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review 2019-12-01 02:52
still free for kindle
Bullets into Bells: Poets & Citizens Respond to Gun Violance - Brian Clements

Powerful collection of poems about gun violence.  Includes essays after  the poems.

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review 2019-11-18 06:00
Dead Poets Society by N.H. Kleinbaum, Tom Schulman
Dead Poets Society - N.H. Kleinbaum

TITLE:  Dead Poets Society


AUTHOR:  N.H. Kleinbaum & Tom Schulman





"Todd Anderson and his friends at Welton Academy can hardly believe how different life is since their new English professor, the flamboyant John Keating, has challenged them to "make your lives extraordinary! " Inspired by Keating, the boys resurrect the Dead Poets Society--a secret club where, free from the constraints and expectations of school and parents, they let their passions run wild. As Keating turns the boys on to the great words of Byron, Shelley, and Keats, they discover not only the beauty of language, but the importance of making each moment count.But the Dead Poets pledges soon realize that their newfound freedom can have tragic consequences. Can the club and the individuality it inspires survive the pressure from authorities determined to destroy their dreams?"



Dead Poets Society is a 1989 American drama film directed by Peter Weir, written by Tom Schulman, and starring Robin Williams.  Set in 1959, at the fictional elite conservative Vermont boarding school Welton Academy, this novel (and the movie) tells the story of an English teacher who inspires his students to search within themselves to find out who they are.  The book is based on the screen play, but has a few very minor differences.  I would have liked to have seen the characters fleshed out a bit more.  However, this is still an inspiring movie/book.
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text 2019-04-21 03:13
Anthology Analysis: Donald Hall's Contemporary American Poetry
Contemporary American Poetry (Penguin Poets) - Various Authors,Donald Hall

The first "new" book of poetry I read this year was Donald Hall's "Contemporary American Poetry," acquired last fall for a quarter at a garage sale. (Read more about that "haul" here: http://carissagreen50.booklikes.com/post/1838747/book-haul-summer-turns-into-fall.)


The volume is stuffed with canonical poets of the mid-20th century - 39 in total. And, in the Preface to the Second Edition, Hall curiously brags that he included two black poets. Further:

"A few years ago, Karl Shapiro made some remarks about lily-white anthologies which made me angry, for the usual reason one gets angry: because the remarks were accurate. A world of black poetry exists in America alongside the world of white poetry, exactly alike in structure -- with its own publishers, bookstores, magazines, editors, theologists, conferences, poetry readings -- and almost entirely invisible to the white world.  Like the rest of the black world. The world of white poetry has practiced the usual genteel apartheid of tokenism: Here is praise for Langston Hughes, here is  Pulitzer Prize for Gwendolyn Brooks; now we've done our liberal bit, let's go back to reading "The New York View of Books.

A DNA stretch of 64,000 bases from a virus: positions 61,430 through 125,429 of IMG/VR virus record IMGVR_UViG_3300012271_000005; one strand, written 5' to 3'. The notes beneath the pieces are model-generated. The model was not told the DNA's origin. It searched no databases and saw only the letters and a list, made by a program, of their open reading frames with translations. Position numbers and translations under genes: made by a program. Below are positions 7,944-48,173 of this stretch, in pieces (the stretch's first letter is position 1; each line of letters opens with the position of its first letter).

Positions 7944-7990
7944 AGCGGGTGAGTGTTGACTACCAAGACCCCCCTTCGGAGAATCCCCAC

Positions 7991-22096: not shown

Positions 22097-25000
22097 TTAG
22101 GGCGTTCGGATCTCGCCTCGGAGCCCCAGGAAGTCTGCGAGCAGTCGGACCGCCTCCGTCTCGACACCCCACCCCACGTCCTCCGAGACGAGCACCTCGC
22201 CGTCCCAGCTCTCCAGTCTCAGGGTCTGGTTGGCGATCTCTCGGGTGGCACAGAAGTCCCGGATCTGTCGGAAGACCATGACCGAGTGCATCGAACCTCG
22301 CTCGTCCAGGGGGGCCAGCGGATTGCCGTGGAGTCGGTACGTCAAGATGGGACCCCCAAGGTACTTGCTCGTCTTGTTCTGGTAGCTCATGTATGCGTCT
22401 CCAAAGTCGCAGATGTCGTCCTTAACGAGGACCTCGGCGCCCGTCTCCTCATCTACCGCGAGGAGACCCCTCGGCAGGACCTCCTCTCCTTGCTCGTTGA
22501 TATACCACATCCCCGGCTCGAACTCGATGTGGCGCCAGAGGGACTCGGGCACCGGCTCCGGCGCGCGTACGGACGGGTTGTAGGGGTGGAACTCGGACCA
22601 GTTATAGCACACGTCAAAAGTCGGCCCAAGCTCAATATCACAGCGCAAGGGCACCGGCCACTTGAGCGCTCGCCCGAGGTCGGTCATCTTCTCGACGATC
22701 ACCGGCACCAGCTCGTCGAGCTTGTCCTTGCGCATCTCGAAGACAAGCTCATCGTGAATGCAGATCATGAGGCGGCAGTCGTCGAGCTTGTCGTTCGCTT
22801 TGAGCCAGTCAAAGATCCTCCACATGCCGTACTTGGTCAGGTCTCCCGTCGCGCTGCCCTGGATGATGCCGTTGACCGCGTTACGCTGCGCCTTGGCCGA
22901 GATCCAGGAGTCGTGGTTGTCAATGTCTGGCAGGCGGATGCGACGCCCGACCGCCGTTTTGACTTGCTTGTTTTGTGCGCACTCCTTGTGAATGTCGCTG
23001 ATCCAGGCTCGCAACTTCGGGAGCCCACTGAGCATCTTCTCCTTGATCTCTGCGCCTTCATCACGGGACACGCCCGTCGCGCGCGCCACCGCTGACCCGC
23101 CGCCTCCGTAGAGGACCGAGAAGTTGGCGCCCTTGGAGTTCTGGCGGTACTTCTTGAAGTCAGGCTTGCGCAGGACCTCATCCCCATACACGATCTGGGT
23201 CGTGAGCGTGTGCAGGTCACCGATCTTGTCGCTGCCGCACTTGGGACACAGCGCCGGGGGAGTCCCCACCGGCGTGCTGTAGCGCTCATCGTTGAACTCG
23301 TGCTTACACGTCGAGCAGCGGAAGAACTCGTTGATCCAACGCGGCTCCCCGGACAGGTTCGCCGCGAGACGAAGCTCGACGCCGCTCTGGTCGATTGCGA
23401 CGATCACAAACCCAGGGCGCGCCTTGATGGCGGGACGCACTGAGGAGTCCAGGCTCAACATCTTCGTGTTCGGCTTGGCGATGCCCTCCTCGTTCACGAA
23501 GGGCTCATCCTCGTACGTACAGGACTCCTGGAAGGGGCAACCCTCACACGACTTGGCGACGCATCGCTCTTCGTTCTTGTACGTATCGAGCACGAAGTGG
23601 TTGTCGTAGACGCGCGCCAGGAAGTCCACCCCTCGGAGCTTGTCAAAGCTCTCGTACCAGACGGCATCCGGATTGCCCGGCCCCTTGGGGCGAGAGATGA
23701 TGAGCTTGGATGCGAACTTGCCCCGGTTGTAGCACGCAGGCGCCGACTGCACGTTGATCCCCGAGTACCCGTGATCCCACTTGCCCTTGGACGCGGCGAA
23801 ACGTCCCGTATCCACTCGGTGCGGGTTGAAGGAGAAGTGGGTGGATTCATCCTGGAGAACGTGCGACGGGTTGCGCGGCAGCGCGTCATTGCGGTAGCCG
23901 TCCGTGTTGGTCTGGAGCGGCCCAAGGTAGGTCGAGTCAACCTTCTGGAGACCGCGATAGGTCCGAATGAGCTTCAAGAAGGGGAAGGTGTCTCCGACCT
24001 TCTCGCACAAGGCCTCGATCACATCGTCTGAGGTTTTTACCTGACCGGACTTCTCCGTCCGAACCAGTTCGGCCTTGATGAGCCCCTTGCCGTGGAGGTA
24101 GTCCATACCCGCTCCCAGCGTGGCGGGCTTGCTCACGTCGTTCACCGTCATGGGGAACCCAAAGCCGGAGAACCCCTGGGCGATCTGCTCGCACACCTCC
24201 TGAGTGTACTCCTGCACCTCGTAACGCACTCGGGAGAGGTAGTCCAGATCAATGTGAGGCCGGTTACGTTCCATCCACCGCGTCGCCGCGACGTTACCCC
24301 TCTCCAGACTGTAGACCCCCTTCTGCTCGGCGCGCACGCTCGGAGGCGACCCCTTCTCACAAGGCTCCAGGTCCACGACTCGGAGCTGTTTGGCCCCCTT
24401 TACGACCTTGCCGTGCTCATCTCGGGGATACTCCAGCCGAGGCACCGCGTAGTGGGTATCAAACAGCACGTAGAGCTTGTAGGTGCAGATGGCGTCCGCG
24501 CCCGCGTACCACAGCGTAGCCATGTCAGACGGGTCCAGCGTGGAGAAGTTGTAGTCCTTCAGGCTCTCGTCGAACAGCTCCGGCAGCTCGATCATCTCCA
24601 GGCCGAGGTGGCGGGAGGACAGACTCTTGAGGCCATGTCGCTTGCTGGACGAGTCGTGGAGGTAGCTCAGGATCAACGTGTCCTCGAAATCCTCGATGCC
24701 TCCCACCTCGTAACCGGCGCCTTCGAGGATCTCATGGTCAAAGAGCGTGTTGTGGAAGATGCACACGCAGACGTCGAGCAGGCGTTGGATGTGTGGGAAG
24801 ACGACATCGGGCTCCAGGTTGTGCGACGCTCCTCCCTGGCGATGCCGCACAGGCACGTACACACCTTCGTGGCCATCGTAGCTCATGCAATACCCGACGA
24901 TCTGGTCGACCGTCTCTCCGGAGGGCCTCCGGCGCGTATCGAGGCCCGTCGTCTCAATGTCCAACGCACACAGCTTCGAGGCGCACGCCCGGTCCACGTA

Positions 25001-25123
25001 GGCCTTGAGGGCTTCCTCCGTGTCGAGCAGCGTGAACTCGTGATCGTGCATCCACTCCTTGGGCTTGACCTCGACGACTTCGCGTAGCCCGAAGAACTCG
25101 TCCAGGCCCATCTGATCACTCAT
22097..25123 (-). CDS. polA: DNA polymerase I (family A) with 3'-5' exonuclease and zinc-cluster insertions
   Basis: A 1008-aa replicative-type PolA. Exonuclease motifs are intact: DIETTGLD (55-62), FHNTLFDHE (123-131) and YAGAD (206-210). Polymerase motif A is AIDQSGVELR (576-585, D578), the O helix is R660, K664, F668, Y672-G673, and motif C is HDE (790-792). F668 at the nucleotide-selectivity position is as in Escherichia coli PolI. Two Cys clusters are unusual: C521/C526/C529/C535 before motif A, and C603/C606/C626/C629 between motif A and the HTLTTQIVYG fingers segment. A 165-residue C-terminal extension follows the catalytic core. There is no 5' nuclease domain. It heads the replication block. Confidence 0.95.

"The world of black poetry seems to be thriving. I find it hard to judge these poems, as if I were trying to exercise my taste in a foreign language, which I am. Here I am printing two poets almost wholly unknown to the white world, Dudley Randall and Etheridge Knight. (I asked LeRoi Jones, who refused.)" 


Fifty years later, of course, no liberal thinker would talk thusly about the literary world, so perhaps it is unfair to point out the recently-deceased Mr. Hall's cloddishness here. But man of our our African-American literati would say that there world is not yet fully fair to the merits of their works. 


But, truth be told, just as depressing to me as the lack of writers of color in this anthology was the lack of women writers. Four, are included, all canonical: Levertov, Plath, Rich, and Sexton. Four. Four. Four. Ten percent. Not even Elizabeth Bishop made the list. Where are the women poets? They were writing.


In our post Gilbert-and-Gubar world, it's clear that who does the choosing and who is chosen matters. We can look back retrospectively and forgive, but we must not forget, going forward. 



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text 2019-01-30 17:28
Book Haul: Summer Turns into Fall
Contemporary American Poetry (Penguin Poets) - Various Authors,Donald Hall

I don't buy many books these days. Over the 23 years I lived in a pretty small apartment, it was clear that at the rate of reading of a little over one new book a week, storing books would be a real challenge. Also, once something acquires a memory for me - especially a good memory, as books so often do - it's really hard for me to let go of them from my life.


I try to limit my book-buying these days to just a few a year. Poetry - they're usually skinny, so you can fit a lot of them on a shelf. The catalog book, if I see a really great art exhibit or visit a new museum. If one of my friends publishes, I try to buy the book. Occasionally a book from a signing or reading. A book with a such a profound memory or reading experience attached to it that I want to be a "keeper."